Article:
Jump to ContentJump to Main Navigation
Capital FailureRebuilding Trust in Financial Services$
Users without a subscription are not able to see the full content.

Nicholas Morris and David Vines

Print publication date: 2014

Print ISBN-13: 9780198712220

Published to Oxford Scholarship Online: October 2014

DOI: 10.1093/acprof:oso/9780198712220.001.0001

Show Summary Details
Page of

PRINTED FROM OXFORD SCHOLARSHIP ONLINE (oxford.universitypressscholarship.com). (c) Copyright Oxford University Press, 2020. All Rights Reserved. An individual user may print out a PDF of a single chapter of a monograph in OSO for personal use. date: 28 November 2020

How Changes to the Financial Services Industry Eroded Trust

How Changes to the Financial Services Industry Eroded Trust

(p.32) 2 How Changes to the Financial Services Industry Eroded Trust
Capital Failure

Sue Jaffer

Nicholas Morris

Edward Sawbridge

David Vines

Oxford University Press

This chapter describes how the previous structure of the industry maintained relationships of trust. Financial firms were specialised, with retail and commercial banks managed separately from investment banks, which avoided potential conflicts of interest and contained moral hazard. Investment banks saw their role as serving clients and earning fees from doing so. However financial deregulation eroded the conditions required for trustworthiness. The industry consolidated into universal banks which were ‘too big to fail’, and greatly expanded demands for mortgages and pensions created commoditised services. The eventual dominance of ‘sales’ over ‘relationships’ people within universal banks created conflicts of interest between different employees and between employees and customers. It also saw the spread of high-powered incentives to sell products and to undertake excessive risk taking. The capital for proprietary trading was no longer provided by partners and instead the money from bank depositors, creditors, and ultimately taxpayers was put at risk.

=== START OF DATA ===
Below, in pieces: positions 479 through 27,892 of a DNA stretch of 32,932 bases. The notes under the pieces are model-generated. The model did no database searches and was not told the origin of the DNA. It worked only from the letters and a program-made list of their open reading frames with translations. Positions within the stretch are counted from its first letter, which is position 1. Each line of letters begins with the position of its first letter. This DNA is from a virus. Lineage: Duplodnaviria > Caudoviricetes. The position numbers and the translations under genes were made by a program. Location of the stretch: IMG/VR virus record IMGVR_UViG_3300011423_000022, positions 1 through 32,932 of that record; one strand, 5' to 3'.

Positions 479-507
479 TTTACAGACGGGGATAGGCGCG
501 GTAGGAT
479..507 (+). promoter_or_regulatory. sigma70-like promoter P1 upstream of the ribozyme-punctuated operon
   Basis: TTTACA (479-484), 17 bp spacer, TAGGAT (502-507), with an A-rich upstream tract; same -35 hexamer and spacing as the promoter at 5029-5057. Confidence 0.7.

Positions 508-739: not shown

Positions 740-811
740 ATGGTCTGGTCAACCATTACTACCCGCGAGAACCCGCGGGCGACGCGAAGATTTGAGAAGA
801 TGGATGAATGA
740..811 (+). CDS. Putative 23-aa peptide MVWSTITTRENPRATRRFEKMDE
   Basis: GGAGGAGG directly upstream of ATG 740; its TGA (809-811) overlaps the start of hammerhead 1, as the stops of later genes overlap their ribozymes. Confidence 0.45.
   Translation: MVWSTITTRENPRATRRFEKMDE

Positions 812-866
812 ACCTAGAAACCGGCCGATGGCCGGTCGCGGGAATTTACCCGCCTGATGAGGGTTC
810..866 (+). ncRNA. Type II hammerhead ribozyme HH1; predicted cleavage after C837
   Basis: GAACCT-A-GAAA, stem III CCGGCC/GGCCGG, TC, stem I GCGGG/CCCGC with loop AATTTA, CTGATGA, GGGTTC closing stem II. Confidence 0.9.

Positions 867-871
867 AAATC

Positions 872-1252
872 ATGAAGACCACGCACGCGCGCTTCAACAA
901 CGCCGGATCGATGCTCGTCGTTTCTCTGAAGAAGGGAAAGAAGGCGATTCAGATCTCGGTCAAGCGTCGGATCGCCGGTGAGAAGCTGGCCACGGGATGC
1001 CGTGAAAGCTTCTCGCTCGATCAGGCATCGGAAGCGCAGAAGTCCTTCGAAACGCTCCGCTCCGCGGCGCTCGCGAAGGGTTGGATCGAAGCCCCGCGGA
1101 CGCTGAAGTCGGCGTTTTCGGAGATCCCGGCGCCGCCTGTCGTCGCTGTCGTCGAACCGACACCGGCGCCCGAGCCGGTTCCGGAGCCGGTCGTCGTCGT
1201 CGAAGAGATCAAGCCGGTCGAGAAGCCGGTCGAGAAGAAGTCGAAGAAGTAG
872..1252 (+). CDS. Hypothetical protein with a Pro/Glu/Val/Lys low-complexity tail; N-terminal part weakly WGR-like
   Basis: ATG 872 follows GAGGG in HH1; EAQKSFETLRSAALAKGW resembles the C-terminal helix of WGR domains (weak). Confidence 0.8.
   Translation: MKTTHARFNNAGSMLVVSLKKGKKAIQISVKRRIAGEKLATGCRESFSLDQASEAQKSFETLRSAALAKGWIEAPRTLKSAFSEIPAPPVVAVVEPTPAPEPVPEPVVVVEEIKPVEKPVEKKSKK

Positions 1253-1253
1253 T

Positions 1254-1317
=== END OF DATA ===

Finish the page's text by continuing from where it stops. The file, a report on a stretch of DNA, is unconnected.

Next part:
Keywords:   financial deregulation, too big to fail, efficient markets, conflicts of interest, financial services, principal agent, asymmetric information, financial innovation, moral hazard, risk taking

Oxford Scholarship Online requires a subscription or purchase to access the full text of books within the service. Public users can however freely search the site and view the abstracts and keywords for each book and chapter.

Please, subscribe or login to access full text content.

If you think you should have access to this title, please contact your librarian.

To troubleshoot, please check our FAQs , and if you can't find the answer there, please contact us .